OECD: 'scrap Help to Buy or the housing market will blow'

Remember Help to Buy, designed to allow those with smaller deposits to buy homes? Well, the OECD wants the government to stop that. Like, now.

by Emma Haslett
Last Updated: 19 May 2014

I’m going to let you in on one of my fondest memories: shortly after he pronounced Help to Buy open, I was sent to trudge round after George Osborne on a dusty building site just outside Derby. It was cold, it was windy, everyone was in silly hard hats, and journalists there were only allowed one question. No one was in a good mood.

After much careful thought, I settled on the following: ‘shouldn’t you be doing something about prices, rather than just making people borrow more?’. Osborne’s response was something muttered, to the effect that ‘when demand goes up, housebuilders will build more homes, so prices will drop’. Fast forward 12 months, and that doesn’t seem to have happened.

Now the Organisation for Economic Co-operation and Development has warned Osborne that unless the government does something to curb mortgage lending, house prices are going to spiral out of control.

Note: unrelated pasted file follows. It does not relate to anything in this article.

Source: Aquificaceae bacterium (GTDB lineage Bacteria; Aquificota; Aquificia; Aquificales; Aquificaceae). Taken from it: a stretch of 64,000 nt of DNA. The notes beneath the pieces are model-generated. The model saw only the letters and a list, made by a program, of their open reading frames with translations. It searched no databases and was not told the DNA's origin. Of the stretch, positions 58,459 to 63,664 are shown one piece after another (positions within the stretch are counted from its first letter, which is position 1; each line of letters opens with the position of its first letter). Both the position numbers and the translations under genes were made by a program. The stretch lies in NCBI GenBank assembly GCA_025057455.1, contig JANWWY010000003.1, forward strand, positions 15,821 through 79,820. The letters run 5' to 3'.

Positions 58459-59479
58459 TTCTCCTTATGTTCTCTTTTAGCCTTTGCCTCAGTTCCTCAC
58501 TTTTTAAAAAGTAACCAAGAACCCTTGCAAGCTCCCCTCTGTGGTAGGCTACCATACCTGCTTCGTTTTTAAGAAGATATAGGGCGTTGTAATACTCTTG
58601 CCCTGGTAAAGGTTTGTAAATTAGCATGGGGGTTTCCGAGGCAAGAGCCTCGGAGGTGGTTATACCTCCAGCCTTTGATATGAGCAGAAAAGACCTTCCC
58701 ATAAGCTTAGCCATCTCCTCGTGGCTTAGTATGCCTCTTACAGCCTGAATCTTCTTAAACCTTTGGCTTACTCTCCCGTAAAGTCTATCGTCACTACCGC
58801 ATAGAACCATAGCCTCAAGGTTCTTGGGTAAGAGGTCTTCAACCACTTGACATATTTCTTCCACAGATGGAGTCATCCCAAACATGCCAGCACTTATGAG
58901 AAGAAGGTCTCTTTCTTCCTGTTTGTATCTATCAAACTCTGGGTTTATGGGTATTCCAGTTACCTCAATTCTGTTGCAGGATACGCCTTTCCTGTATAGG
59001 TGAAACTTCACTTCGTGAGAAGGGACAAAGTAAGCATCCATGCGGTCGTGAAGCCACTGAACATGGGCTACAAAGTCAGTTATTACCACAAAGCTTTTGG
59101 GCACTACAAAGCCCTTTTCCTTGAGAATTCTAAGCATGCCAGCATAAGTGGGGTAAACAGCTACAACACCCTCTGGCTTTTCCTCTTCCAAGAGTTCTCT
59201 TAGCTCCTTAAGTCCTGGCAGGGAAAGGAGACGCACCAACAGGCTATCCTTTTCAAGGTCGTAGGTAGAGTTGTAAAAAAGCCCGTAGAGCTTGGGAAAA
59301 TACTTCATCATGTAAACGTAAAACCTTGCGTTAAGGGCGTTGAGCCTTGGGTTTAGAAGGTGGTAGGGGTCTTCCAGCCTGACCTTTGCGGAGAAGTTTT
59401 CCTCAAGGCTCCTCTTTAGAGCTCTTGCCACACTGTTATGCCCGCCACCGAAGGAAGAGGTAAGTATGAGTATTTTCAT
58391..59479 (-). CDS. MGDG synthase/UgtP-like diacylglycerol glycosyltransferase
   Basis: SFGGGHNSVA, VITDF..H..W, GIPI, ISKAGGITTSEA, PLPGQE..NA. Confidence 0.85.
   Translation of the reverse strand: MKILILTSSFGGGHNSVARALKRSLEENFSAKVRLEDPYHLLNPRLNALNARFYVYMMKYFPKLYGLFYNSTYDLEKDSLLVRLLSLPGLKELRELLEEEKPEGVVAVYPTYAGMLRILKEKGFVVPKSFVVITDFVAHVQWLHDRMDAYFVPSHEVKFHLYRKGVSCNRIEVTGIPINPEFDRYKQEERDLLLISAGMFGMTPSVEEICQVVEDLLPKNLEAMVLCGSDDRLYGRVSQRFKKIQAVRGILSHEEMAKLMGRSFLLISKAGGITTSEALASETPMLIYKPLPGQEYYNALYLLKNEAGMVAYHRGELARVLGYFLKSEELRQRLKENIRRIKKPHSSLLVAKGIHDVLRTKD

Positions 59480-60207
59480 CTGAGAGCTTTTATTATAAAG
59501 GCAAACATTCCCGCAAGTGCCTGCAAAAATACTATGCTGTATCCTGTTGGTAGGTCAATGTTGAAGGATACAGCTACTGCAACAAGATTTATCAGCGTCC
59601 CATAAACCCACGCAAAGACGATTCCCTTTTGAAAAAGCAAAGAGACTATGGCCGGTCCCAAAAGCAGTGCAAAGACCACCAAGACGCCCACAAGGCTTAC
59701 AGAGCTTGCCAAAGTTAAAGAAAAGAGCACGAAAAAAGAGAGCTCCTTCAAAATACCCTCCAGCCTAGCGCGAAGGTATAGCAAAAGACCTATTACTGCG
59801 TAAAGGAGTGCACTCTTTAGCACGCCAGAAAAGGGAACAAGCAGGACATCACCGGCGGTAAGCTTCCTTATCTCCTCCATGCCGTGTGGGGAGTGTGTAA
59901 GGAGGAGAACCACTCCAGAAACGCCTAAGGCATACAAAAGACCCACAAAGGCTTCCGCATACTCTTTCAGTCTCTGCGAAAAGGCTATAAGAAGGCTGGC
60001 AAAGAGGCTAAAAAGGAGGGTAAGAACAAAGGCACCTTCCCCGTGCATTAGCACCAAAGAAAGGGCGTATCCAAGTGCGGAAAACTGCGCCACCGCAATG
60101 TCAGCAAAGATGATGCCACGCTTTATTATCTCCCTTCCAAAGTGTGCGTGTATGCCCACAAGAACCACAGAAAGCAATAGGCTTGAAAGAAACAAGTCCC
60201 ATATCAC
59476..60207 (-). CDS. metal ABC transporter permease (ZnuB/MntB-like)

The Paris-based think tank reckons that unless the government does something to ‘restrain housing demand’ – like cutting back on aforementioned Help to Buy scheme or making it harder to get mortgages, house prices are going to keep rising.

Some have pointed out that the perceived ‘bubble’ is pretty much only in London – although Nationwide reckons prices have risen 10.9% across the entire country. To be fair, they were starting from a much lower base. So even deepest, darkest Yorkshire could, in the not too distant future, experience the dizzying ride Londoners have felt over the past few months. Hold tight…

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